The microbiota, the collective term for all the microorganisms living in the body, has been called the “forgotten organ” for its broad influence across many bodily systems. But in recent years, increased research focused on the microbiota—and the gut microbiota in particular—has meant that it’s not quite so forgotten anymore.
Investigators at Brigham and Women’s Hospital are undertaking a new project to look at the link between the microbiota and colorectal cancer. By harnessing unique partnerships among members of the Laboratory for Surgical and Metabolic Research, which includes many physician-scientists from the Division of General and Gastrointestinal Surgery, researchers hope to learn more about this connection. This includes taking a closer look at how bariatric surgery changes the microbiome along with the impact this connection may have on the development of colorectal cancer.
“We know that obesity and bariatric surgery are both on the rise,” says James Yoo, MD, a member of the Section of Colon and Rectal Surgery at the Brigham, who is co-leading the new research initiative. “In addition, colorectal cancer is one of the most common cancers in the world. The first step of this research is to try to understand some of the mechanisms that may connect the two.”
Looking at Complicated Connections
The aim of bariatric surgery is to alleviate obesity, a known risk factor for colorectal cancer and other cancers. “But although there is a lot of evidence in the literature that bariatric surgery and weight loss reduce the risk for more types of cancer, findings from studies looking at this connection for colorectal cancer, in particular, have been mixed,” says surgeon Eric G. Sheu, MD, PhD, who is the other co-leader of the research initiative. “Some studies have suggested that bariatric surgery may actually increase the risk of colorectal cancer.”
To get at the heart of this mystery, the team has turned to mouse models of bariatric surgery that had previously been established in the lab. Obese mice are treated with a gastric sleeve procedure similar to the one used in humans. Their feces are collected before and after the procedure and their microbiota are analyzed. (The same can be done in humans.)
“There are some specific types of changes in the microbiota we’ve observed that are consistent after bariatric surgery in both mice and patients,” Dr. Sheu says. “We’re working to understand which groups of organisms may mediate these changes on the microbe side and exactly what the changes are on the host side.”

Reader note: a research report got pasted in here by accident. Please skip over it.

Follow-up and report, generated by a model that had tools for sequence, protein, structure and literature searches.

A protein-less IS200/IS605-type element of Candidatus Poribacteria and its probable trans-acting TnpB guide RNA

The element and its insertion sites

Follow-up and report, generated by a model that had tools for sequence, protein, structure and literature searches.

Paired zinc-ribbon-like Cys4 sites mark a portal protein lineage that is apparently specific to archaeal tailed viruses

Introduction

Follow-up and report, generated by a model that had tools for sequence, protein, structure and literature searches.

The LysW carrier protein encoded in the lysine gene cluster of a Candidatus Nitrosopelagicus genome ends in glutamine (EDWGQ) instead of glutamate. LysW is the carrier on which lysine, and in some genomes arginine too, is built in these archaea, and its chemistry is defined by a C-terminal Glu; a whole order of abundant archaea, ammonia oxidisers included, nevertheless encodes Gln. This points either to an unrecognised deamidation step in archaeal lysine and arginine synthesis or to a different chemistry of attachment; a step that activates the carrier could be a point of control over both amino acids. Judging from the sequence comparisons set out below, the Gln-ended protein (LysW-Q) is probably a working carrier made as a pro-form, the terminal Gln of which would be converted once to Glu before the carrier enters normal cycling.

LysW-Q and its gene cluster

Once these connections are made, one outcome of this research may be using certain strains or microbial signatures as a biomarker to determine which patients might need to be monitored more closely for the development of colorectal cancer after their bariatric surgery. According to Dr. Sheu, he and his colleagues are not able to narrow the connection down to particular strains. Rather, they are focused on trying to understand the mechanisms that may be involved.
Collaboration Enables Unique Studies
Collaboration is important not only for this research but for the work of the Laboratory for Surgical and Metabolic Research more broadly. The lab has several active areas of investigation involving animal models of surgery and translational studies of patients and patient samples.
In his other work, Dr. Yoo examines the molecular mechanisms in colorectal cancer signal transduction, which includes studying colitis-associated cancers. Dr. Sheu’s other research focuses on understanding the role of immunometabolism and the microbiome in type 2 diabetes resolution after bariatric surgery.
“The members of our lab are very collaborative, which allows for a lot of cross-specialty interactions,” Dr. Yoo says. “There’s a lot of research firepower at the Brigham, and being able to access all these resources and bring together people with seemingly different specialties allows us to address these complicated problems that would be difficult to tackle elsewhere.”